To most people entrepreneurship is solely about innovation and entering a new venture. For example, Hisrich and Peters (2002) define entrepreneurship as â€œthe process of creating something new with value by devoting the necessary time and effort, assuming the accompanying financial, psychic, and social risks, and receiving the resulting rewards of monetary and personal satisfaction and independence.â€ According to Kuratko and Welsch (1994) â€œMany people now regard entrepreneurship as â€žpioneership? on the business frontier.â€ Bygrave (1994) begins with Schumpeter?s definition of an entrepreneur and continues to argue that only a few businesses would have the potential to fit Schumpeterian definition on entrepreneurship, destroying the existing economic order by introducing new product and services. Instead, he argues that â€œthe vast majority of new businesses enter existing markets.â€ To him, an entrepreneur is â€œsomeone who perceives an opportunity and creates an organization to pursue itâ€ and the entrepreneurship involves â€œall the functions, activities, and actions associated with perceiving opportunities and creating organizations to pursue them.â€ In all these discussions, exiting from a market is not considered as part of entrepreneurial activities.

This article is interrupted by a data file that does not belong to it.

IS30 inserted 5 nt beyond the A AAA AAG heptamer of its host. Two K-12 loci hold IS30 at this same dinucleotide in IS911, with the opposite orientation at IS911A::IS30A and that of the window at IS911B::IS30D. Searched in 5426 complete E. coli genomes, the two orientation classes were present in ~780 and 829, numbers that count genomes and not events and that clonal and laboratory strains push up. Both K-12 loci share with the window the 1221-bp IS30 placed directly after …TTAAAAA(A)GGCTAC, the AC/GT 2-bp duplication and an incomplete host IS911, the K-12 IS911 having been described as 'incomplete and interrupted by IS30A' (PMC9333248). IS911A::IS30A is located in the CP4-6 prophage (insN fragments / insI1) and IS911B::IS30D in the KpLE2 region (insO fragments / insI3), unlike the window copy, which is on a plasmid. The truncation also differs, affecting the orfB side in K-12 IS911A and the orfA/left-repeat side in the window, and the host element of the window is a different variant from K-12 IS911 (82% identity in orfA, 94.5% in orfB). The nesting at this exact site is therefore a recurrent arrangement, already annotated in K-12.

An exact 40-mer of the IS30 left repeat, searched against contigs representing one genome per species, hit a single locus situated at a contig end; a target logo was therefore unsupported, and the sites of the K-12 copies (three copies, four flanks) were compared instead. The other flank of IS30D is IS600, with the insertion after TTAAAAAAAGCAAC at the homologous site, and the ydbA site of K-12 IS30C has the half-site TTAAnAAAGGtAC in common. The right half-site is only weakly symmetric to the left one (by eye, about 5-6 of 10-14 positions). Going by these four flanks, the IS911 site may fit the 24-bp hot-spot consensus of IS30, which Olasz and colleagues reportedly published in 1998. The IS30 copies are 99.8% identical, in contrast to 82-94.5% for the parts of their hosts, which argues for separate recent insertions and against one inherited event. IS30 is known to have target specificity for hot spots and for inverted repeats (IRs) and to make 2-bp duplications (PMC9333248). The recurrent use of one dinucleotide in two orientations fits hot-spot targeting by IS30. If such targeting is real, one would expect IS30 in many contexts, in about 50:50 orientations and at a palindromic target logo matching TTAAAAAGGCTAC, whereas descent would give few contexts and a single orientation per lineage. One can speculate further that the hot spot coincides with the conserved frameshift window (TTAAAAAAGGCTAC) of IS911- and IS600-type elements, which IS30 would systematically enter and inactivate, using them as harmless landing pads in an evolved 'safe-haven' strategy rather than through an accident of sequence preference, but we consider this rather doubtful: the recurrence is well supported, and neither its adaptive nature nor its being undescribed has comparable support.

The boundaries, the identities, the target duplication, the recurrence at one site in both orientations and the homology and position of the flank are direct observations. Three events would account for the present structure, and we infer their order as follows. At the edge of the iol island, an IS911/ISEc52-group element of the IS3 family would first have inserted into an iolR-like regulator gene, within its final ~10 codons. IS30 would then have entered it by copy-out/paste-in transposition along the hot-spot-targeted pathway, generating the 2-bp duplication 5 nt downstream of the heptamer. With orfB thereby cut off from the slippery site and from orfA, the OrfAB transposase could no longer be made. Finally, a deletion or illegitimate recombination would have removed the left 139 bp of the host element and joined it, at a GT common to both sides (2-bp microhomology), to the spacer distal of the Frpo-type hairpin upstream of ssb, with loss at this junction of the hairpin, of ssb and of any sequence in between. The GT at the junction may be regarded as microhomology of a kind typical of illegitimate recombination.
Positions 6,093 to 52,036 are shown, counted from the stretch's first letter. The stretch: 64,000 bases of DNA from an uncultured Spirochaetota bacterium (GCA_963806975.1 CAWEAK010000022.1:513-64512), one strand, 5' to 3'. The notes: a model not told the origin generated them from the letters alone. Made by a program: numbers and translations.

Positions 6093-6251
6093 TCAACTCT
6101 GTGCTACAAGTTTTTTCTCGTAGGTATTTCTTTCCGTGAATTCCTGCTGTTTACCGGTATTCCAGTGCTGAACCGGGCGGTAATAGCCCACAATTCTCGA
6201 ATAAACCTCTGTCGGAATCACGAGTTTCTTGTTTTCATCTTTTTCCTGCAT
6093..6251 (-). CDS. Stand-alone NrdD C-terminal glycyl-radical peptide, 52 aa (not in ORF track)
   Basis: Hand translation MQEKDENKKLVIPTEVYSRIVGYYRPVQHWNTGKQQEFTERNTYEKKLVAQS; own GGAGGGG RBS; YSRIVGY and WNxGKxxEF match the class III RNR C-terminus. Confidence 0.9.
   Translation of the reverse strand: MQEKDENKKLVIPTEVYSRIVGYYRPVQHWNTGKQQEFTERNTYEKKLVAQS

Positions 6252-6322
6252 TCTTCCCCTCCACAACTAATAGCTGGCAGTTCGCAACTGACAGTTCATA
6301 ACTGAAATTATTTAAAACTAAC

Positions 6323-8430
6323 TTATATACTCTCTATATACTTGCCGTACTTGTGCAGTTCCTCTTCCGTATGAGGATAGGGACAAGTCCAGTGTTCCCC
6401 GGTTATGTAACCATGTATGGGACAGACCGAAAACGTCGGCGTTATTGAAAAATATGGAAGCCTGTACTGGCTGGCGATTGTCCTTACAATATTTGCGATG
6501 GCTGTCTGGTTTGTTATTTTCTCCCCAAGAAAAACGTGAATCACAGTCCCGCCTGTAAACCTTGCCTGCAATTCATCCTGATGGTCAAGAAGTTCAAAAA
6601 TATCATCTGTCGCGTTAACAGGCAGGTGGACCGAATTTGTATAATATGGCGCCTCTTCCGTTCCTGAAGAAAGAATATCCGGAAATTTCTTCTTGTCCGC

Entrepreneurship, Entrepreneurship Definition, Entrepreneur, New Business, Definition
Fooladi, Iraj J. and Kayhani, Nargess K.
"Is Entrepreneurship Only About Entering A New Business,"
Journal of Entrepreneurial Finance and Business Ventures:
2, pp. 1-11.
Available at: http://digitalcommons.pepperdine.edu/jef/vol8/iss2/2